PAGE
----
Wrapping up lessons with my piano students is one of the most sentimental parts of this season of endings. I’ve been overwhelmingly blessed with a career that uses my talents and training, and after three years of a job that definitely wasn’t like that, I have been especially grateful for every single day of this experience.Maybe the most fulfilling part of this job is that it puts me in control of my success for a day of work. I don’t have to worry about choosing between making a customer or my boss happy. All I have to do is get along with this kid for this half-hour, and I really enjoy that I tailor my lesson plans based on what I know is best for each student because of our established relationship. I love that I am in control of studio members, so I can easily weed out students who don’t want to cooperate and parents who are manipulative or difficult. Most of the time those issues are probably just personality differences, but it’s a huge gift that I decide where I get to draw those lines.
Self-employment is an experience you can’t understand until you’ve done it yourself. I think it’s my best fit, and I’m excited that moving provides a great opportunity to make a few changes for better growth as a business owner… even though it does mean basically starting over with clients, too. This sets me apart a bit from others who don’t understand what it means to work for yourself, and I find the comments from people who don’t “get it” pretty laughable. Most people have been spared the hassle of billing, fees, bookkeeping, paying taxes that aren’t withheld by an employer, saving up for unpaid sick and vacation days, and selecting a single-payer private health-insurance plan for a woman in her mid-twenties, but those are just as much a part of my day-to-day business operations as sitting at the piano.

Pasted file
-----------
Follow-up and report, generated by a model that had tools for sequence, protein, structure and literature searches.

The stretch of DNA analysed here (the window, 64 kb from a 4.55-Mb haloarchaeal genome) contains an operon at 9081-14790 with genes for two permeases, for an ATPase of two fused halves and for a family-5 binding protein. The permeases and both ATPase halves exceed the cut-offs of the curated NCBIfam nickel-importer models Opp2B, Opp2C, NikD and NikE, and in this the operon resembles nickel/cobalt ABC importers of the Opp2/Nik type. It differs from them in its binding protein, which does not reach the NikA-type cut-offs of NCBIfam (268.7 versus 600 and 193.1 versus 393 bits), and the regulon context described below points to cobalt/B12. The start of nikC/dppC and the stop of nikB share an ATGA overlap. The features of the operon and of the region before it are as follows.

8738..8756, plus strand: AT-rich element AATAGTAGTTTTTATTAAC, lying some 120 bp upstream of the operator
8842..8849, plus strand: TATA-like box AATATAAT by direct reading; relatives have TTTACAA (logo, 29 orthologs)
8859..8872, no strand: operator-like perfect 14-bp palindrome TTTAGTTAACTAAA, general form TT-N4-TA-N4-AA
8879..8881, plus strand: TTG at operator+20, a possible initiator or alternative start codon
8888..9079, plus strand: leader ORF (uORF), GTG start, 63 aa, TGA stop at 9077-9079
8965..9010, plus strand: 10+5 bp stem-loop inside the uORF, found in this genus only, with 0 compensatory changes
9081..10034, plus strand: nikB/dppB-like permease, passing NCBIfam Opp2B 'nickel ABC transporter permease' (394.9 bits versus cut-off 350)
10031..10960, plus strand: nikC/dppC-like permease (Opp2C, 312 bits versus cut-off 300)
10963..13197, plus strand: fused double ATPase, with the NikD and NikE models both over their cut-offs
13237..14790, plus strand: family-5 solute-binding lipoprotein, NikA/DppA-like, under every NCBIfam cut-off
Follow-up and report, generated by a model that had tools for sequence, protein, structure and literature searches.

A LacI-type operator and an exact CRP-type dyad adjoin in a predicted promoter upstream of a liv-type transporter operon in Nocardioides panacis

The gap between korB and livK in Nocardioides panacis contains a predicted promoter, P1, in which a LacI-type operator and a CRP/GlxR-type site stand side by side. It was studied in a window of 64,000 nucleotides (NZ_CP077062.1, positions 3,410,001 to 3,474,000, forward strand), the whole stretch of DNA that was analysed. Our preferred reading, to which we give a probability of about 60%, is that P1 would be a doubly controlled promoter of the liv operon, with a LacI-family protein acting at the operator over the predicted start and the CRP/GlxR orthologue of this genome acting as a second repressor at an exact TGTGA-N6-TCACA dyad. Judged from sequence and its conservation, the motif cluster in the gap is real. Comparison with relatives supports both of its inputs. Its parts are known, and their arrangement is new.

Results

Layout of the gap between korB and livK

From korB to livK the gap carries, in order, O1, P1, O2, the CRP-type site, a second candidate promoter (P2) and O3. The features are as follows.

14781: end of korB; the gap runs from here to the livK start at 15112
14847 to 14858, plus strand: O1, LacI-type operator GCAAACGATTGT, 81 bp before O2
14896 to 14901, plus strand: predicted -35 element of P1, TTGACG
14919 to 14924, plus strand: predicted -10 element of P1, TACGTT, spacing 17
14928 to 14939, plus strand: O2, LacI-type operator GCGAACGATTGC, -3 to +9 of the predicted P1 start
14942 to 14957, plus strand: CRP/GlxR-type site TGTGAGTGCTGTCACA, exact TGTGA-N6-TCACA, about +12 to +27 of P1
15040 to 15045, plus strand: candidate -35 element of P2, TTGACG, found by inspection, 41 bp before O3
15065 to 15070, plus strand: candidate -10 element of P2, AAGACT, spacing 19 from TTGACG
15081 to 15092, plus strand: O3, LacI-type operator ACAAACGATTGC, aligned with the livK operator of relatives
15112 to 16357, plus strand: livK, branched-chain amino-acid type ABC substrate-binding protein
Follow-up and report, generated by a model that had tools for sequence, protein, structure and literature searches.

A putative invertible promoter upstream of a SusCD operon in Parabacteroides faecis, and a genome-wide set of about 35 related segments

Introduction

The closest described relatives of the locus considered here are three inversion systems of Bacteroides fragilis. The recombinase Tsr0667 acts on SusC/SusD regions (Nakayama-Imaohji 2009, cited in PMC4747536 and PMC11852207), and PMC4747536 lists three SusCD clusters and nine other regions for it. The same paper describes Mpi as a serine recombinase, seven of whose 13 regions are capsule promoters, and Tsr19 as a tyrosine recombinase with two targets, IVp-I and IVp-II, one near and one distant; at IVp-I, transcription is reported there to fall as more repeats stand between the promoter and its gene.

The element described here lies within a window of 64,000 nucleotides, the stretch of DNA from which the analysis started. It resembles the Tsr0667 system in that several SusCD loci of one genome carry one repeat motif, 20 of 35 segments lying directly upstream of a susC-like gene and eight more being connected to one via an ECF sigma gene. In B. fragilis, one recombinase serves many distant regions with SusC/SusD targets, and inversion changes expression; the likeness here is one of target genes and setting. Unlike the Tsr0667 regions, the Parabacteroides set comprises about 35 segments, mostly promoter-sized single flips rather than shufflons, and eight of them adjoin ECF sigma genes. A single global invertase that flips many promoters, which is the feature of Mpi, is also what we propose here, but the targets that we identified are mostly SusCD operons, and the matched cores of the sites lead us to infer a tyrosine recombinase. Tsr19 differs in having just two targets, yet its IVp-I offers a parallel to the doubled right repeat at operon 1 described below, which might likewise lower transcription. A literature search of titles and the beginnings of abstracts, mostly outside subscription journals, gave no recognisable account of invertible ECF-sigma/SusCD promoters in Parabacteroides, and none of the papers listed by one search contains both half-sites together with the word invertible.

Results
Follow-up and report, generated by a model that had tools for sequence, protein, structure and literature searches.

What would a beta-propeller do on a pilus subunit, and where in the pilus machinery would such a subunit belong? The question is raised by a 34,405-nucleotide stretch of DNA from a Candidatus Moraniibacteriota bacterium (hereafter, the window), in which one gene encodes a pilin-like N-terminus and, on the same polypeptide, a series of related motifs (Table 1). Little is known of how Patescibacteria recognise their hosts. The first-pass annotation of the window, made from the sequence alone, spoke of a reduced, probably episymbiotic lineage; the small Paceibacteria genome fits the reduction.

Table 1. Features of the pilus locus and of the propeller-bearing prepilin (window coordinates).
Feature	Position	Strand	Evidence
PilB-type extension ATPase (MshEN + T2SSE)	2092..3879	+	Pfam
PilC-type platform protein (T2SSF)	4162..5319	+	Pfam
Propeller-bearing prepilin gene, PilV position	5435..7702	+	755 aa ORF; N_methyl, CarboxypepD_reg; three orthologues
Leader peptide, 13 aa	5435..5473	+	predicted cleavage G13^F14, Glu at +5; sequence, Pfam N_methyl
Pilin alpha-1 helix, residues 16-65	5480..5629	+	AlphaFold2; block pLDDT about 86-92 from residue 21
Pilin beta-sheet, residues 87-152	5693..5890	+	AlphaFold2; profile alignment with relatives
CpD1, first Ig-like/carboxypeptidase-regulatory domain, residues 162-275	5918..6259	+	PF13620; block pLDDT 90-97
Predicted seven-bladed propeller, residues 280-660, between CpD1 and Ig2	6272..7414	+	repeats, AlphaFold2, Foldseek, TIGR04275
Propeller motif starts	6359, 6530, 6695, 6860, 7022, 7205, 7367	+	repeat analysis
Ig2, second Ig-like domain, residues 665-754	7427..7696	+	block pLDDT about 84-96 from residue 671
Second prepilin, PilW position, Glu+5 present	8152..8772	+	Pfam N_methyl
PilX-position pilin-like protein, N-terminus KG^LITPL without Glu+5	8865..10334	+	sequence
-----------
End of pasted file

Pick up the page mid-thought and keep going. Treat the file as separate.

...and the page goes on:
I learned a lot of lessons in my season of office work and I think that strengthens my perspective in many aspects of life. I’m still not at the point where I would say I’m glad I went through that. I wish I hadn’t believed the doubts and been brave enough to start moving towards this sooner. On the other hand, self-employment is not for the faint of heart, and I still think we were a little bit crazy to jump forward while Aaron was in grad school and we had a mortgage and wanted to have kids, but it has enriched our lives greatly. In the face of other significant heartbreak and waiting, it has been a special gift to be so fulfilled and delighted in my job.
I’m grateful the days I have worked are leaving more behind than a bunch of pay stubs. I’ve marched around my living room to the beat of a metronome to demonstrate that two eighth-notes fit in the same amount of time as a quarter note, watched hard work and discipline result in beautiful self-expression, and explained how JS Bach’s Crab Canon is like one giant math problem on a Moebius strip. I’ve helped kids prepare songs to play at their grandparents’ funerals, admonished unprepared students to develop a stronger work ethic, and taught them how to fairly evaluate their own improvements. The best part of a day is telling a child, “You worked hard and I am so proud of you!” Piano lessons? Sometimes it feels more like I’m teaching “Life Lessons.” I’m okay with that.
While I’ve been told I earn a “killing” (ha) to “stay home and sit around,” (ha) and have been told charging a fair rate is “greedy” (ha), none of that is true. I’m pretty sure I’ve been wildly blessed in this job and I’m grateful for that. How many people can say the cornerstone of their career is “rocking”? Not many. I’m in a happy minority.